Summer vacation is finally here, and swimming pools are beacons of fun for summer adventurers. But unfortunately, mixing kids with water can also result in tragedy.
Drowning is the leading cause of death of children ages 1 to 4, with the majority occurring in home swimming pools, according to the Centers for Disease Control and Prevention.
“Drowning can take just a minute, just turning your back and a child enters the water and she can become incapacitated quickly,” said Heather Trnka, injury prevention coordinator at Akron Children’s Hospital. “It is nothing like the movies; it is silent. Kids are not screaming or splashing around yelling for help. Children in busy pools in the summertime have drowned right next to unassuming swimmers.”
The good news is drowning is one of the most preventable causes of death and can be avoided by taking proper precautions. The following tips will help keep your little ones safe during an afternoon of fun and splashing at the pool:
- Never leave a child near a pool unattended even for a moment. It’s important to always supervise children while they’re in and near the water.
- Practice “touch” supervision with children younger than 5 years. This means that an adult is within an arm’s length of the child at all times.
- Teach your child to always swim with a partner.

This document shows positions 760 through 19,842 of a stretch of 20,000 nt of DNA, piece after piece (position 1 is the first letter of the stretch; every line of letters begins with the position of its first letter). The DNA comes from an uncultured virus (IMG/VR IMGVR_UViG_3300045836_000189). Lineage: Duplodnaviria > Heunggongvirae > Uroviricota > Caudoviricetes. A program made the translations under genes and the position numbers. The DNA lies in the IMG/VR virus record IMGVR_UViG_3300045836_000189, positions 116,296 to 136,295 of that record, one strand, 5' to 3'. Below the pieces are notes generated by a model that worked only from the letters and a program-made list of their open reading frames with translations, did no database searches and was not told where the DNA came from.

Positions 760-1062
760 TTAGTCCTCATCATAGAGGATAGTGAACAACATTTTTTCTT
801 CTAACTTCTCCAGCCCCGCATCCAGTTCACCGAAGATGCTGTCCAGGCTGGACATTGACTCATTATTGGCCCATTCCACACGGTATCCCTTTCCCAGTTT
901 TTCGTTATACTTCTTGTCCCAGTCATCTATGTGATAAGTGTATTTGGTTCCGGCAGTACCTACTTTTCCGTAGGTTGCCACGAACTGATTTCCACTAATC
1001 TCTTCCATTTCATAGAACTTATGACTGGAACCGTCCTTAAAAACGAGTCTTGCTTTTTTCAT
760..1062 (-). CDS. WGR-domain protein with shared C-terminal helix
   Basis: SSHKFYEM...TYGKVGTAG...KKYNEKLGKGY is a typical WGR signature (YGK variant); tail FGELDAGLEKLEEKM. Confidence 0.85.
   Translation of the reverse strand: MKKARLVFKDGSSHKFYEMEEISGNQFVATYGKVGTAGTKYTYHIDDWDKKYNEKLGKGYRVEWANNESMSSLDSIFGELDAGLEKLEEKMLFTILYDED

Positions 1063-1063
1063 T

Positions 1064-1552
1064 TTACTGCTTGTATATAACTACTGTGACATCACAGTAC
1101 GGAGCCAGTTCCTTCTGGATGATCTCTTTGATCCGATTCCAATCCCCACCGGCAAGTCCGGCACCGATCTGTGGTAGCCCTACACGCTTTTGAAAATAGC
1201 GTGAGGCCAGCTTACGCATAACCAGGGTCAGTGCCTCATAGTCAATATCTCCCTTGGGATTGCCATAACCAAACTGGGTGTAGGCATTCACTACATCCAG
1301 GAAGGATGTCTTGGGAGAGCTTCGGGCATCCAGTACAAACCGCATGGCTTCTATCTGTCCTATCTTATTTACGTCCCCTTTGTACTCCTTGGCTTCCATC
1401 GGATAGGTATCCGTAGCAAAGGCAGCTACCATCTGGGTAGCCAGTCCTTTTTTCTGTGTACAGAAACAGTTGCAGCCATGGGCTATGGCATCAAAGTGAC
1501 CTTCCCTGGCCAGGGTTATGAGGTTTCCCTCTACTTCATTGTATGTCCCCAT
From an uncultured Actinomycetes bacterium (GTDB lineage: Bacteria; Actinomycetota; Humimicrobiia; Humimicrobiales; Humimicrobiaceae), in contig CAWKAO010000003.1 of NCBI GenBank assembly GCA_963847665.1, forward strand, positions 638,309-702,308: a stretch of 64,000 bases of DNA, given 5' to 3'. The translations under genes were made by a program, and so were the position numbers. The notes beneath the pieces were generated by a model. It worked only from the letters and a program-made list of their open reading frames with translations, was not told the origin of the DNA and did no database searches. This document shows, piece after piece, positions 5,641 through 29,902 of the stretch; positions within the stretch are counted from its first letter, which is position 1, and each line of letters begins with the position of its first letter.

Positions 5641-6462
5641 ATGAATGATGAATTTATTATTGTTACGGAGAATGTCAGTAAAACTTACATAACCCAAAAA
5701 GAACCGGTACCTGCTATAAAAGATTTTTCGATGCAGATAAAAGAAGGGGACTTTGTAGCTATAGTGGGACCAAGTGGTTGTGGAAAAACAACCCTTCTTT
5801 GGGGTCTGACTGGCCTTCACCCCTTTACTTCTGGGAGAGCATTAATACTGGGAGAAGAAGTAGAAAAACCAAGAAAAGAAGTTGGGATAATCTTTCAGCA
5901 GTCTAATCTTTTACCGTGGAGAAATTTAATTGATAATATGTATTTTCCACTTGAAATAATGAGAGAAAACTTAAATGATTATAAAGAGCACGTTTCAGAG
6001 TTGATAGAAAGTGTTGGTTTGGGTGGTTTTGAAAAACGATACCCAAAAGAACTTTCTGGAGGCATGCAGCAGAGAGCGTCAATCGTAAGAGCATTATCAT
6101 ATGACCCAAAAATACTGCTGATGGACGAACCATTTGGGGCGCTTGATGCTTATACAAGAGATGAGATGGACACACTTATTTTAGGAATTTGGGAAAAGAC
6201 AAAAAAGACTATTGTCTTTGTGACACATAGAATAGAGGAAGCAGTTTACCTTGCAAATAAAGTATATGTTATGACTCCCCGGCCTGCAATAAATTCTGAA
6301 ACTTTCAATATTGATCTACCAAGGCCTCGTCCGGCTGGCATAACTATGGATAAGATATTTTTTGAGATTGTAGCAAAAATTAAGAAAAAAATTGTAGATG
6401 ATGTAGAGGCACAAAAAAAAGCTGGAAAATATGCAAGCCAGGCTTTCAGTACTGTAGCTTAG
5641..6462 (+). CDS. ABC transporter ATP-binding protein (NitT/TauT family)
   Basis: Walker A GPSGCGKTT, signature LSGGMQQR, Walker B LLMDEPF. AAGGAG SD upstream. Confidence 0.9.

- Enclose your pool in a safety fence at least 4 feet high with slats no more than 4 inches apart. The fence should completely separate the pool from the house and play area in the yard. The fence gate must have a childproof latch. Don’t leave furniture nearby as it could help a child climb over the fence.
- Learn CPR and post CPR instructions in the pool area. Have a phone nearby so you can call 9-1-1 in an emergency.
- Do not use air-filled swimming aids, such as “water wings,” as a substitute for adult supervision.
- Keep toys away from the pool when it is not in use as they can attract young children into the area.
- Never allow children to dive into an above-ground pool, and check the water depth before allowing them to dive into an in-ground pool. Keep clear of the area near a diving board.
- Remove all ladders from an above-ground pool when not in use.
- Establish pool rules and post them near your pool. Don’t allow running or horseplay around the pool.
- Close supervision is just as important for inflatable and portable pools. A child can drown in just an inch of water. Kiddie pools should be emptied and stored out of reach when not in use.
- From a young age, encourage children to always swim with a buddy.
- When there are several adults present use the Water Watcher strategy. This means one particular adult is the Water Watcher for a certain period of time (for example 15 minutes) to prevent lapses in supervision.
In addition, swimming lessons are a great idea, and Trnka recommends classes for all children over the age of 1. However, never assume swimming lessons make your child “drown proof.”
“Supervision and other layers of protection are necessary even for children who have learned swimming skills,” she said. “Nothing is a replacement for adult supervision.”